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Congressman: If Female GOP Senators Were South Texas Men, I'd Challenge Them To A Duel

Blake Farenthold speaks at the state Republican convention in Dallas in 2010.
Blake Farenthold speaks at the state Republican convention in Dallas in 2010.

WASHINGTON — A Texas GOP congressman says if the three female Republican senators who oppose a bill repealing Obamacare were men from South Texas, he might challenge them to a duel. 

"The fact that the Senate does not have the courage to do some of the things that every Republican in the Senate promised to do is just absolutely repugnant to me," U.S. Rep.  Blake Farenthold, R-Corpus Christi, told his  local radio host Bob Jones on Friday.

"Some of the people that are opposed to this, there are female senators from the Northeast ... If it was a guy from South Texas, I might ask him to step outside and settle this Aaron Burr-style." 

In 1804, Aaron Burr  famously shot and killed his political adversary, Alexander Hamilton, in a New Jersey duel. 

Farenthold was referencing U.S. Sens. Shelley Moore Capito of West Virginia, Susan Collins of Maine and Lisa Murkowski of Alaska. When Senate Majority Leader Mitch McConnell tried to push through a pure Obamacare repeal bill that lacked a replacement, after months of trouble to pass a repeal-and-replace measure, those three senators effectively ended his efforts by announcing they opposed the plan. 

The comments set off a social media firestorm over the course of the day - to the point that his twitter handle was trending in Washington, D.C. 

On Monday evening, he released a statement on the blowback.

"Like the President, I am sick and tired of the left-wing biased media trying to make something out of nothing," he said. "This was clearly tongue in cheek. That being said, I'm extremely frustrated with Senate Republicans who are breaking their promise to the American people to repeal and replace Obamacare."

But those three women — considered moderate Republicans — haven't been the only nails in this summer's health care coffin. Previous iterations of the legislation have faced opposition from the Senate's more conservative wing, including men like U.S. Sens. Mike Lee of Utah and Rand Paul of Kentucky.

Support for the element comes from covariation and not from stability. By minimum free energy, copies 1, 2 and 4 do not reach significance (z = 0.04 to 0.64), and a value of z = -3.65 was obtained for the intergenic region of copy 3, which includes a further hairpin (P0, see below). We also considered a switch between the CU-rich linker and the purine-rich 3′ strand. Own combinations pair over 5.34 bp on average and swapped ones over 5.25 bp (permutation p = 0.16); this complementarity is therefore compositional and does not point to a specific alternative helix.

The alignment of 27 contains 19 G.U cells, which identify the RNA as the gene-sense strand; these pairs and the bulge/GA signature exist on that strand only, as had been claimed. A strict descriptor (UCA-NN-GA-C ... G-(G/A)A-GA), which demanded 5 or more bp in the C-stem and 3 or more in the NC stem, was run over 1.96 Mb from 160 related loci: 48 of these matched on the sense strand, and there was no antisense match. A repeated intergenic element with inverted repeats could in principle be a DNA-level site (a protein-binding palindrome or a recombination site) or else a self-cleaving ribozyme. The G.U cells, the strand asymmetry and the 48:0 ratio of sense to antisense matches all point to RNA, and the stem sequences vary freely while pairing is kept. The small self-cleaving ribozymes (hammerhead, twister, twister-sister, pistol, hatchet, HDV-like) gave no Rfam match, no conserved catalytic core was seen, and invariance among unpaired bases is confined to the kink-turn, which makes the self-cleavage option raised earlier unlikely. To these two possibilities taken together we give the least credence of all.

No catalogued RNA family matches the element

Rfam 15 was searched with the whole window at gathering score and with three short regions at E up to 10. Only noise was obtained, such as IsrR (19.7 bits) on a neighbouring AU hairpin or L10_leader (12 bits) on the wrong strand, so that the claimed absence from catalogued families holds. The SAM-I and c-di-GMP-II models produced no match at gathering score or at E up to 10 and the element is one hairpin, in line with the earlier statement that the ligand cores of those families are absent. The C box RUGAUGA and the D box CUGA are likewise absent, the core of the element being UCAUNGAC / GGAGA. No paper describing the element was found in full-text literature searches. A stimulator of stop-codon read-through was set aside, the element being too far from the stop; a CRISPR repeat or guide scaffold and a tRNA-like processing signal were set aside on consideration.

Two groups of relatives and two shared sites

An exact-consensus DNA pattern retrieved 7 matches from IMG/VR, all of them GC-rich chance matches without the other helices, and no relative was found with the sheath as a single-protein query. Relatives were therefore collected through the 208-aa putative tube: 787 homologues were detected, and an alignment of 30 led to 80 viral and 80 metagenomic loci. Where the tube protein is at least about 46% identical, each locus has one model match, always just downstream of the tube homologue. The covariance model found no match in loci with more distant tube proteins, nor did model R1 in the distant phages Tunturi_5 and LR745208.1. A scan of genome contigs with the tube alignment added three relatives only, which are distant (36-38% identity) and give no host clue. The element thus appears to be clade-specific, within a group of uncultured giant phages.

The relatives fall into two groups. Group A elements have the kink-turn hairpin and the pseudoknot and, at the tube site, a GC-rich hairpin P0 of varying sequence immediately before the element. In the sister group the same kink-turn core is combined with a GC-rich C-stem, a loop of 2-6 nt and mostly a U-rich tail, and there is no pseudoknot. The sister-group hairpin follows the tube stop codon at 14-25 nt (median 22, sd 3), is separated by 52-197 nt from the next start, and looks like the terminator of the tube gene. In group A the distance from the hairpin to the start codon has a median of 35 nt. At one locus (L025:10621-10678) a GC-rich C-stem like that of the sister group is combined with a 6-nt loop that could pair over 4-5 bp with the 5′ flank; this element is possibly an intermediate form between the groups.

Duel language is not new in politics. In 2004, then-U.S. Sen. Zell Miller, a Democrat who crossed party lines to campaign for President George W. Bush,  invoked it against MSNBC commentator Chris Matthews. The comments were met with  widespread mockery at the time.

But there's little funny about such language in the U.S. Capitol these days, after a  deranged man shot and injured a Republican member of Congress during a baseball practice in June. U.S. House Majority Whip Steve Scalise, a Louisiana Republican, was gravely injured in the incident and remains hospitalized.

Read related Texas Tribune coverage:·         "If a tape came out with Donald Trump saying ... 'I really like to rape women,' you would continue to endorse him?" the MSNBC anchor asked? "That would be bad. I would have to consider it," U.S. Rep. Blake Farenthold said. [ Go to story]

·         U.S. Rep. Kevin Brady left the GOP baseball practice early Wednesday morning, declining an offer to catch some grounders from second base. U.S. House Majority Whip Steve Scalise was in that spot instead, when a gunman appeared and shot him. [ Go to story]

·         U.S. Rep. Pete Olson on Tuesday walked back comments he had made on local radio in which he accused — without evidence — former President Bill Clinton of admitting to the murder of deceased aide Vincent Foster. [ Go to story]

The Texas Tribune provided this story.

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